A higher market capitalization means the NFT collection has a higher value, and the top collections with the highest market capitalizations are usually considered blue-chip projects.

Market capitalization can be measured both in the blockchain's native currency (e.g. SOL, ETH, etc.) and its USD value.

Volume Traded

“Volume traded” refers to the amount of currency (e.g. SOL) exchanged between buyers and sellers for a given collectionin a specified timeframe.

The collection’s trading volume is usually one of the major indicators that traders use when evaluating which collections to trade, as it can reflect how much awareness the collection has in the space based on the notion that the more well-known a collection is, the more trading activity it will likely have.

Similar to floor price action, it is useful to bear in mind trading volumes across different time frames when evaluating collections. For example, collection A could have twice the all-time trading volume of collection B, but it could have been existing for five times as long as collection B.

Also, relatively higher trading volumes in shorter time frames (e.g. 24H, 7 days) can mean that the collection has a lot of attention on it during this period, but bear in mind the reasons for the attention and their sustainability. Trading volumes tend to be exceptionally high for a collection immediately after their launch.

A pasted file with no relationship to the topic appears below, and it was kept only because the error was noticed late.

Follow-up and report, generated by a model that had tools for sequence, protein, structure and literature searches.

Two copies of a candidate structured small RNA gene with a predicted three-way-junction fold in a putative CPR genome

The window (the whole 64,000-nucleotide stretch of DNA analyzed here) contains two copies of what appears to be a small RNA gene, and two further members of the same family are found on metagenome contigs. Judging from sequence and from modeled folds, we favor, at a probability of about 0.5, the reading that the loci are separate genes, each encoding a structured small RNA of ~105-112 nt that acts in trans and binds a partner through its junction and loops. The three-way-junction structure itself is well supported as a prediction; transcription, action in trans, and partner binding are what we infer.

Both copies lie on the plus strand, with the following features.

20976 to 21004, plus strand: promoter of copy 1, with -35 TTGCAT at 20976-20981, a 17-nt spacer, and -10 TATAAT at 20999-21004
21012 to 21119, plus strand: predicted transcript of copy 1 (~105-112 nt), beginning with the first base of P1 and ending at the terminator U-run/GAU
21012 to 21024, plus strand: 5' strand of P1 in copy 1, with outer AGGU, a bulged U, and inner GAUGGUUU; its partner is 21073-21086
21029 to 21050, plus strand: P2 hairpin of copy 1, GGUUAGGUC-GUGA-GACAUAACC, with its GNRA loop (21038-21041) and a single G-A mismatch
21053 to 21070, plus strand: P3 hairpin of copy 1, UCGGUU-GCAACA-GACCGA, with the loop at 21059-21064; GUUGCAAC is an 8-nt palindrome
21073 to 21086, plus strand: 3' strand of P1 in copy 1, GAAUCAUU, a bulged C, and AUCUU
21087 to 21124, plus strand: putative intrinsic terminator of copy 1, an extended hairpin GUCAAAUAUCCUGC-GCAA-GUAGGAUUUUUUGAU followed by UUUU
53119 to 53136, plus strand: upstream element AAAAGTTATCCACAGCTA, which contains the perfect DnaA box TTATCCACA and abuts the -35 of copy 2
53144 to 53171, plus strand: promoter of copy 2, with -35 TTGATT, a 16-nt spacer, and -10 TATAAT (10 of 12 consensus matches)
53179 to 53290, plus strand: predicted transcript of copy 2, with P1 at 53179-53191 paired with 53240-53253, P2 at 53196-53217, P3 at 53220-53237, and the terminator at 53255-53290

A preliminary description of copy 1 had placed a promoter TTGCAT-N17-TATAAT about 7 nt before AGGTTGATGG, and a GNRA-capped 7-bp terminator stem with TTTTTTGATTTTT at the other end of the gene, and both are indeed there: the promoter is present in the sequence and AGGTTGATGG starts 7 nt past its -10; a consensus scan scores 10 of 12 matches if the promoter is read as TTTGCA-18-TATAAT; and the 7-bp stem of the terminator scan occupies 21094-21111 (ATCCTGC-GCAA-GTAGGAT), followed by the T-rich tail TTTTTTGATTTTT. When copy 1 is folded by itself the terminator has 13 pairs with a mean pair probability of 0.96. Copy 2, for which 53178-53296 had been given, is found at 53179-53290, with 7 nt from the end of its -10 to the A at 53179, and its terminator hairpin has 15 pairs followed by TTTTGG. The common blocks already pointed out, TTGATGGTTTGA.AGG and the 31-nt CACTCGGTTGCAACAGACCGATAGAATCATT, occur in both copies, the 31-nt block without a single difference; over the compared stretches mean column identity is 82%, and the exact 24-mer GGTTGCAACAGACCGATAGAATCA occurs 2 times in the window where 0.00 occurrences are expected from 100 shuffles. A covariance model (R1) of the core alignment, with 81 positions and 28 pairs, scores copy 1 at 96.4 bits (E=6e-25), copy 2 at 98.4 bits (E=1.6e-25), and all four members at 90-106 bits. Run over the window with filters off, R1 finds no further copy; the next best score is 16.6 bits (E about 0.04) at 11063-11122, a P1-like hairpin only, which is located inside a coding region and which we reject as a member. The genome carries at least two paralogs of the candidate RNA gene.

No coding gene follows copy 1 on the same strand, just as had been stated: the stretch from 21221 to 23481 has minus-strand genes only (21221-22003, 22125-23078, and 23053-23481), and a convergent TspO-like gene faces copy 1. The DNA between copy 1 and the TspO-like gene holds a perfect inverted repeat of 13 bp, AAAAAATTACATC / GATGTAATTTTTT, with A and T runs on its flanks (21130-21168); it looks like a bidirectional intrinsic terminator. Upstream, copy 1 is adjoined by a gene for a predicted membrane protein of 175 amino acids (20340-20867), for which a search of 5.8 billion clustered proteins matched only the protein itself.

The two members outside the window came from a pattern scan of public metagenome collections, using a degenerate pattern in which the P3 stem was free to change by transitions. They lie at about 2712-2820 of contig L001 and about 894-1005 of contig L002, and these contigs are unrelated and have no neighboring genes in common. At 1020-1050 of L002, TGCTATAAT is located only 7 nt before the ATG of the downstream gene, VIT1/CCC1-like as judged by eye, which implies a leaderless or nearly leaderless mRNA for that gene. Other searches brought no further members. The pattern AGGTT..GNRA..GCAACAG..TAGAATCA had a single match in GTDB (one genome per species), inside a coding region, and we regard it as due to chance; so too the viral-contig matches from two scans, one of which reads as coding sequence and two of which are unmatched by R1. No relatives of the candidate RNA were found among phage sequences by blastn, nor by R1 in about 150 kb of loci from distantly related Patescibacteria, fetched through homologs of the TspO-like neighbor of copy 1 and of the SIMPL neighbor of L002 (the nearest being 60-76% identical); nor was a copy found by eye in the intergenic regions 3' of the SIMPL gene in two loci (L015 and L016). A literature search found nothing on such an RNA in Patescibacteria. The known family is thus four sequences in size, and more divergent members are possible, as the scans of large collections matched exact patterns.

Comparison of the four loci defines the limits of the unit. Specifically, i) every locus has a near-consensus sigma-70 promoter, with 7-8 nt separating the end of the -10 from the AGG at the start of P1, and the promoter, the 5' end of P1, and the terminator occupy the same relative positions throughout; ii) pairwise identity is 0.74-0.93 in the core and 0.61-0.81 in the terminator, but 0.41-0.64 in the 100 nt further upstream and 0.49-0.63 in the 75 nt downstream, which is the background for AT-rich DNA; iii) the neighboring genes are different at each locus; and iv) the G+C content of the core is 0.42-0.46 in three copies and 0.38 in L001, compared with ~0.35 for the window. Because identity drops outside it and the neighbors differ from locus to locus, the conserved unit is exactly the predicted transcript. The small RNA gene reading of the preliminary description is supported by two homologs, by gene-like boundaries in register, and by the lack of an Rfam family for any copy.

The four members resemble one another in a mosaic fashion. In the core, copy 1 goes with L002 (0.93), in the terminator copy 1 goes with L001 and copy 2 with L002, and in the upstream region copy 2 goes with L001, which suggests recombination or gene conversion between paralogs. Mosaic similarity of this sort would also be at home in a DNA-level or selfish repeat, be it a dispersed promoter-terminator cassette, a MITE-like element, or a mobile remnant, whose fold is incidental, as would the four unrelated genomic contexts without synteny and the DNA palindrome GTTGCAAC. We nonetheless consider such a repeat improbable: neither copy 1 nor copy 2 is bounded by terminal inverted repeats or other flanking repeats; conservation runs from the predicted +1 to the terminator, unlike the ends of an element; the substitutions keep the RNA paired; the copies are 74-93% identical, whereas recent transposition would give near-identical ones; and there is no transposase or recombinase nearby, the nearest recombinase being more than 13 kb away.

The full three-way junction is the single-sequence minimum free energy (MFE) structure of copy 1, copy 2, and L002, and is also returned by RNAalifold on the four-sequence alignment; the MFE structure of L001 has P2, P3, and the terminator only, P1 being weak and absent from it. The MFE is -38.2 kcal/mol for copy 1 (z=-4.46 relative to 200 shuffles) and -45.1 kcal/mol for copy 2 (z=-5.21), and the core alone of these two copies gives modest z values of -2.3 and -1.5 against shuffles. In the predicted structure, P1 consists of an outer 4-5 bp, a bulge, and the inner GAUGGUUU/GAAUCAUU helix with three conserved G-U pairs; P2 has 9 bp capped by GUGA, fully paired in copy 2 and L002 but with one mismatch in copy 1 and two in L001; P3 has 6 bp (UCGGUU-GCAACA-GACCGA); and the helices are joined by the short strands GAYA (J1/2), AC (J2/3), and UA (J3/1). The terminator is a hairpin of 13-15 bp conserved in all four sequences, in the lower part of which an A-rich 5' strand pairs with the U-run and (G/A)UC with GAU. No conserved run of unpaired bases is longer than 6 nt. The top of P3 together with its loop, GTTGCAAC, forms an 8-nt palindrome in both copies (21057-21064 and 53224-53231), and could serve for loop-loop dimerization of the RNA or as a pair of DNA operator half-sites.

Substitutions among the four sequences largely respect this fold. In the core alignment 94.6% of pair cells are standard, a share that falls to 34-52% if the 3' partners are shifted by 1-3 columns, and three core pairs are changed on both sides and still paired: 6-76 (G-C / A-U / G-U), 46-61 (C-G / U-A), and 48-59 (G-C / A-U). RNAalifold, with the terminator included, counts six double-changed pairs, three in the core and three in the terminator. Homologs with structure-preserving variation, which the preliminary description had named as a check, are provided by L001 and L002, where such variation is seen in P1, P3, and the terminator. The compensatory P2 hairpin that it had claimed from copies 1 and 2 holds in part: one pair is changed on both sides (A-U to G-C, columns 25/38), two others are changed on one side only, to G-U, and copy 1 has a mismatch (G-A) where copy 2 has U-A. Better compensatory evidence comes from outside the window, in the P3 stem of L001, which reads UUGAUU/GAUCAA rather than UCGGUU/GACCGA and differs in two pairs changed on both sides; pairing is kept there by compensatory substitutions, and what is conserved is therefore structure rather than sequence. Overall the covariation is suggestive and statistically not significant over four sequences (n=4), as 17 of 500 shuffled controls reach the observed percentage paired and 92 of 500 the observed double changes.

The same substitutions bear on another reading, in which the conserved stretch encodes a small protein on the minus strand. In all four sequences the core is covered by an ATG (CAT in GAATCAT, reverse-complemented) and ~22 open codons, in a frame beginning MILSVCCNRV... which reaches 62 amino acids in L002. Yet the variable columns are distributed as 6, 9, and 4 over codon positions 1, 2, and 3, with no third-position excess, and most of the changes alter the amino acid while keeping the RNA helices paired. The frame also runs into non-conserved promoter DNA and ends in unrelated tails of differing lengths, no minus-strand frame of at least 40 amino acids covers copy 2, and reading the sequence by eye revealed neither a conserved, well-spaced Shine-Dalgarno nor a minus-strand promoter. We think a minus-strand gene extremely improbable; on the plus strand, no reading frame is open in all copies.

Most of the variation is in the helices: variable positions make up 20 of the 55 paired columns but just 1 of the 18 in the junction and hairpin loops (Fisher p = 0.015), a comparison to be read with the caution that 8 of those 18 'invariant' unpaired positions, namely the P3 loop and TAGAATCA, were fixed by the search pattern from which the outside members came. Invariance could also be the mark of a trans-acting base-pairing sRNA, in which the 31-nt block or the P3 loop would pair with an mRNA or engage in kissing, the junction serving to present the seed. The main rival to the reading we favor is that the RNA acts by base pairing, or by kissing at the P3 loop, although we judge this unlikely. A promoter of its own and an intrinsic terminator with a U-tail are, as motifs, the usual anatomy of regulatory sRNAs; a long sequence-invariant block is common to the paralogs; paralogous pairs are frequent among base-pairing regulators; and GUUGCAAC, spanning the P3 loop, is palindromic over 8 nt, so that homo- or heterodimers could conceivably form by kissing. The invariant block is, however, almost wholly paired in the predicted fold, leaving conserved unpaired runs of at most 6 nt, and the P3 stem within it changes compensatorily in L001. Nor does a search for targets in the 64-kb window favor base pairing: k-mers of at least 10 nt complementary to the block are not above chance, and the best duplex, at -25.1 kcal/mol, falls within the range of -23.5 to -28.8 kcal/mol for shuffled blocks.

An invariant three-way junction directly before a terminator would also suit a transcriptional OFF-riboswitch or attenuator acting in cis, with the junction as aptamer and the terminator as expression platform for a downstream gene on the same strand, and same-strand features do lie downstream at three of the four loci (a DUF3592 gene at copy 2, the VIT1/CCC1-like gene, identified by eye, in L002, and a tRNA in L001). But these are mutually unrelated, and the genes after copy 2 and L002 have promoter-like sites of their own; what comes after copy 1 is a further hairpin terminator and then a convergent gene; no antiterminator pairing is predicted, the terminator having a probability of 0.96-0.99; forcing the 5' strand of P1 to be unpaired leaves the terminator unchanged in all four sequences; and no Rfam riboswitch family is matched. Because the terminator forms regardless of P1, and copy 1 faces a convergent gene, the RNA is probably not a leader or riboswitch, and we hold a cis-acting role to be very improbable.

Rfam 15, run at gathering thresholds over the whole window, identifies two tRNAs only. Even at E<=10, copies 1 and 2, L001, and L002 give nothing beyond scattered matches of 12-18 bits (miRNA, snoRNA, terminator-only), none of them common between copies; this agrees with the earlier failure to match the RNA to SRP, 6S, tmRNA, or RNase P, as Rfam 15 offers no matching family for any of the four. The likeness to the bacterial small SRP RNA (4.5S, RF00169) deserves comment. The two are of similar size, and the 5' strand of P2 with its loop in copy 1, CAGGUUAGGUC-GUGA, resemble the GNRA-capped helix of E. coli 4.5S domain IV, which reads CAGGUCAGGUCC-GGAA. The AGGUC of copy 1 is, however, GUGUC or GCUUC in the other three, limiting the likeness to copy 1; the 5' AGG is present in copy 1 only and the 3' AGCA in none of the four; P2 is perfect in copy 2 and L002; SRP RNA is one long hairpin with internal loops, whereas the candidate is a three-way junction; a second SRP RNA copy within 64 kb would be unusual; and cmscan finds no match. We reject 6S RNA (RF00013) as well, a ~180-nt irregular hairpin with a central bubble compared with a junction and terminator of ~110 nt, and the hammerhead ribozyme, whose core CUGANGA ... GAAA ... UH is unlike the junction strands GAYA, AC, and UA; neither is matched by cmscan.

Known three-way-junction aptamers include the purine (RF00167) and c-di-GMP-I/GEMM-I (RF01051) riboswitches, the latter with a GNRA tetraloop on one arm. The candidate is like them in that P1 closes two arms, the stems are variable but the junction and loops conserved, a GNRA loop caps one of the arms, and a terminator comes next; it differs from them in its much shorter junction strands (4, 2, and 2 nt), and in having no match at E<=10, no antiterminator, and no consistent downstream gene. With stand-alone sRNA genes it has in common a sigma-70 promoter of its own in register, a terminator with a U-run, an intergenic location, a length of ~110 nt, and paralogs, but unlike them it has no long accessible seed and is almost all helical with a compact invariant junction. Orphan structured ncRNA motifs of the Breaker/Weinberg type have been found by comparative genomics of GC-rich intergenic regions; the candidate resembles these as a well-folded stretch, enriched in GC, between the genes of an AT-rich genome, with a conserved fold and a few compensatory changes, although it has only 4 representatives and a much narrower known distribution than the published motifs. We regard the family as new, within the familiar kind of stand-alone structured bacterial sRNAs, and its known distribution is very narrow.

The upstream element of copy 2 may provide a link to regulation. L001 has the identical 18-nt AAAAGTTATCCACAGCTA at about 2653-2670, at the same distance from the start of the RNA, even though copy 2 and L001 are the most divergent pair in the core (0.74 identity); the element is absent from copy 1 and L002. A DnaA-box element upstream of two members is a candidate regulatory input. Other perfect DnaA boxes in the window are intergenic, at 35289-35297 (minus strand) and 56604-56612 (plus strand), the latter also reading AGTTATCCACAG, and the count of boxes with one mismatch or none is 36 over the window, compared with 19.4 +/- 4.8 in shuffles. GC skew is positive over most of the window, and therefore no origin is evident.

One thing we always like to see is the endurance of high trading volume throughout longer periods, which represents persistence in the interest in the NFT collection.

To see NFT collection volumes across Solana, simply head over to Kyzzen's "Explore Collection" page, which tracks trading volumes across multiple timeframes and across most major NFT marketplaces on Solana.

While we are here, it is also important to note and understand the concept of Wash-Trading. Specifically, in the scope of NFTs, wash trading occurs when traders simultaneously sell and buy the same NFT to generate artificial and potentially misleading trading activity of a collection in a marketplace using different wallets, giving the impression that there is more hype in a collection than actually exists. Hello Moon has an interesting tool to track wash trading activity in collections that you can check out.